Kate Finn, Executive Director, First Peoples Worldwide
Annie Rose Favreau, Senior Manager, Moss Adams LLP
Shawn Watts, Director of US Strategy, The Christensen Fund
Stay Calm and Explore Options as Interest Rates Rise
With interest rates on the rise, Tribes may want to consider utilizing interest rate swaps and other forms of interest rate protection agreements. This session will discuss the financial, legal, and practical perspectives, and how Tribes can mitigate interest rate risks. Panelists will provide tips for best practices and pitfalls to avoid.
Chris Malfant, Executive Vice President and Head of Fixed Income, Mutual of America Capital Management
Matthew Balka, Partner, FSA Advisory Group
Monica Fox, Tribal Administrator, Chicken Ranch Rancheria of Me-Wuk Indians of California
Aaron Levy, Partner, Sheppard Mullin Richter & Hampton
Start Building with LIHTC
Tax credits such as the Low-Income Housing Tax Credits (LIHTC) can bring investment into a tribe and allow it to leverage existing cash into a larger construction budget. LIHTCs can also create jobs and support economic development during the construction phase. This session will examine how tribes can use LIHTCs to meet their housing needs and employ more tribal members.
Adam Rose, Director of Partnerships and Growth, Travois
Stella Kay, Vice Chairwoman, Little Traverse Bay Bands of Odawa Indians
Robert Miguel, Chairman, Ak-Chin Indian Community
Martin Montgomery, Executive Director, Washoe Housing Authority
Lifetime Achievement Awards Luncheon
Please join us as we honor strong Native American Leaders who have brought about positive economic change for both their communities and Indian Country throughout the course of their careers.
The Energy Transition for Indian Country
The energy industry is experiencing a massive transition to cleaner technologies. These changes could help mitigate costs to tribal businesses and offer economic development opportunities. This panel will provide an overview of the economic impacts of alternative energy projects in Indian Country. The discussion will provide a clear roadmap for tribal leaders and decision-makers on how to evaluate the financial benefits of alternative energy projects and how they can be planned and funded. Project scale, technology selection, and other technical considerations will also be covered.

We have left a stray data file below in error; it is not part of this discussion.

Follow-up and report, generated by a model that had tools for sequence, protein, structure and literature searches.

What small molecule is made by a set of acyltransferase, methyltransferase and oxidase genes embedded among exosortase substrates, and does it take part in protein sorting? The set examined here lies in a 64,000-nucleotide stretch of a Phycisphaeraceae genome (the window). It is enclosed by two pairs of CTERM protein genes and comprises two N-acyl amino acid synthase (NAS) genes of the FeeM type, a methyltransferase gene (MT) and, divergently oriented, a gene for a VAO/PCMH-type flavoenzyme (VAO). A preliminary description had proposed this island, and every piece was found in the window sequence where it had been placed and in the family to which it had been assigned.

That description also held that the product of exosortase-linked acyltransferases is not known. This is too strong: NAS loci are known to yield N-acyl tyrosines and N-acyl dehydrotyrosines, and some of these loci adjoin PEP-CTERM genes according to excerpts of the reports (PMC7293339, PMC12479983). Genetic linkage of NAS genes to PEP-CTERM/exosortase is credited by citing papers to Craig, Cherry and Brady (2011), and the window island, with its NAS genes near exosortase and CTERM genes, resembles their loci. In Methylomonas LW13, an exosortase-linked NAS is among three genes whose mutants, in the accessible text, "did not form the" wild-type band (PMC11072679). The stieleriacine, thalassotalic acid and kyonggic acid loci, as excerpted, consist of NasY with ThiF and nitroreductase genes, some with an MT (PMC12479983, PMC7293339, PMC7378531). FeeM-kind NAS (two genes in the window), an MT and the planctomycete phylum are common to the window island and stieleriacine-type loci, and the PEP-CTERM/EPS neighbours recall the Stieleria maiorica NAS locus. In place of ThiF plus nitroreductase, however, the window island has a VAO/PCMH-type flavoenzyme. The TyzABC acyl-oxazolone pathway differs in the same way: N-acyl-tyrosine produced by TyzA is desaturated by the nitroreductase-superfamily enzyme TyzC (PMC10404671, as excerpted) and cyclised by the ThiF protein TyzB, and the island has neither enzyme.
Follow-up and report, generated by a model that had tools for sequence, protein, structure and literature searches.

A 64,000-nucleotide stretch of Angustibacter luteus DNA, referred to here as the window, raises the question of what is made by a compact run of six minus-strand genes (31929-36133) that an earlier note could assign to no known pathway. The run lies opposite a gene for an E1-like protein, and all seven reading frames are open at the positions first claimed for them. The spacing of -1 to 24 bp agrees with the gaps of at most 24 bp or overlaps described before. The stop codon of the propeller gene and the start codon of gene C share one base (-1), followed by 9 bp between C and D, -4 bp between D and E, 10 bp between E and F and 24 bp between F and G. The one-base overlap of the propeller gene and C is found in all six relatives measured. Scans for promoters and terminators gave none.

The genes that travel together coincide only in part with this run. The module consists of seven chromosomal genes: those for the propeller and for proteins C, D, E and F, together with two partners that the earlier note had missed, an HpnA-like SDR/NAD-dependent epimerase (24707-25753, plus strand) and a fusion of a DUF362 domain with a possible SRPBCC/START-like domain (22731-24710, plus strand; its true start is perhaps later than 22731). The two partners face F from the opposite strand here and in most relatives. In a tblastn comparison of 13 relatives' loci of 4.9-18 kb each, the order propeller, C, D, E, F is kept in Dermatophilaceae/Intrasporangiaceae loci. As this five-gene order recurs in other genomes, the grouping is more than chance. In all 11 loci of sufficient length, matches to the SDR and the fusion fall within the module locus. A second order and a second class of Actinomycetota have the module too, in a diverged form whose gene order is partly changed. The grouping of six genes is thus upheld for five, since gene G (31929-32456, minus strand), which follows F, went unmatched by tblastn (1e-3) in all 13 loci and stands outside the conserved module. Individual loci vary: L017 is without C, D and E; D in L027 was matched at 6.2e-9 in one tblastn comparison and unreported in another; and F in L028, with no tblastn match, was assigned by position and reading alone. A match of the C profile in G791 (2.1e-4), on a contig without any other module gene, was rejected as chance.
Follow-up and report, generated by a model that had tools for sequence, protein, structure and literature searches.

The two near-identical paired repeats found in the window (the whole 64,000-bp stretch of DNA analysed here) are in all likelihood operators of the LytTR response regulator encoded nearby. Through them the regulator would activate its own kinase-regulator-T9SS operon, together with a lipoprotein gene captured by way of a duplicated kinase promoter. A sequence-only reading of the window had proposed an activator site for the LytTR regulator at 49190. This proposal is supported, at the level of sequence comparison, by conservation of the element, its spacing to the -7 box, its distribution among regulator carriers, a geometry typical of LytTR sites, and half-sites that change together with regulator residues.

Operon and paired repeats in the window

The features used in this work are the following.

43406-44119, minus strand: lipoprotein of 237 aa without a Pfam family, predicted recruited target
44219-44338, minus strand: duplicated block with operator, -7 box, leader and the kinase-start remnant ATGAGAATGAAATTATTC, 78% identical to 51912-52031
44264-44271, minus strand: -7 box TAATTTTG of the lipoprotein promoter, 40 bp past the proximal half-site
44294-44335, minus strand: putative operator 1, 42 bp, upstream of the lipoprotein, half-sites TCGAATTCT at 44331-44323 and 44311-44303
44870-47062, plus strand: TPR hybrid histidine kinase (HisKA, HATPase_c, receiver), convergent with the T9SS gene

Nicholas Lovesee, Senior Policy Advisor, NAFOA
Mark Harding, Managing Partner, Sovereign Resiliency Partners
Sharol McDade, President/Founder, MACWORX LLC
Maggie Talmadge, Senior Manager of Tribal Engagement, Navajo Power
How Section 105(l) Leases Can Compensate Your Tribe
Section 105(l) leases are facility costs agreements to compensate Tribes and Tribal organizations for using their own or rented facilities to carry out obligations under ISDEAA self-determination and self-governance compacts. This panel will review how Tribes can qualify for and negotiate 105(l) leases, including the financial and accounting impacts to their existing ISDEAA program operations, as well as leveraging lease funds to finance facilities construction.
Caitlin Caldwell, Vice President, KeyBank
Geoffrey Strommer, Partner, Hobbs Straus Dean & Walker LLP
Kayla Gebeck Carroll, Associate Attorney, Holland & Knight LLP
Judith Wilson, Director, Office of Facilities, Property and Safety Management
Bureau of Indian Affairs
You Don’t HAFta, But You Could: The Homeowner Assistance Fund
As part of the American Rescue Plan, the Homeowner Assistance Fund (HAF) provides close to $10 billion in financial support to help families weather challenges and remain in their homes. The HAF provides $500 million for tribes or tribally designated housing entities. Learn how tribal governments can work to support homeowners within their communities who may benefit from the program. Guidance from the Treasury will be discussed in detail including reporting and compliance.
Anthony Walters, Executive Director, National American Indian Housing Council
The Story of a Forensic Audit
The risk of fraud and litigation exists within every tribal entity, tribal government, and/or organization. Protect your organization and its assets from accusations of fraud or embezzlement with a forensic audit. This session will discuss the costs, the time it takes to conduct, the steps, and when to conduct a forensic audit.
Hattie Mitchell, Senior Manager, REDW LLC
LaDonna Sinning, Partner, Arledge & Associates, C.P.
Peter George, Partner, MGO LLP
Telly Meier, Program Manager, Indian Tribal Governments, Internal Revenue Service
The Sunset of the American Rescue Plan
The American Rescue Plan Act of 2021 (ARPA) gave many tribes unprecedented funding opportunities to help recover from the pandemic. While many tribes have taken advantage of this funding, there are still opportunities that are not being utilized by tribes to the fullest extent. Learn about the various underutilized ARPA programs and other opportunities that are still accessible.
Casey Lozar, Vice President, Federal Reserve Bank of Minneapolis-Center for Indian Country Development
Trent Schwartz, Consulting Manager, Baker Tilly
Allison Binney, Partner, Akin Gump Strauss Hauer & Feld LLP
Fatima Abbas, Acting Director, Office of Tribal and Native Affairs
U.S. Department of the Treasury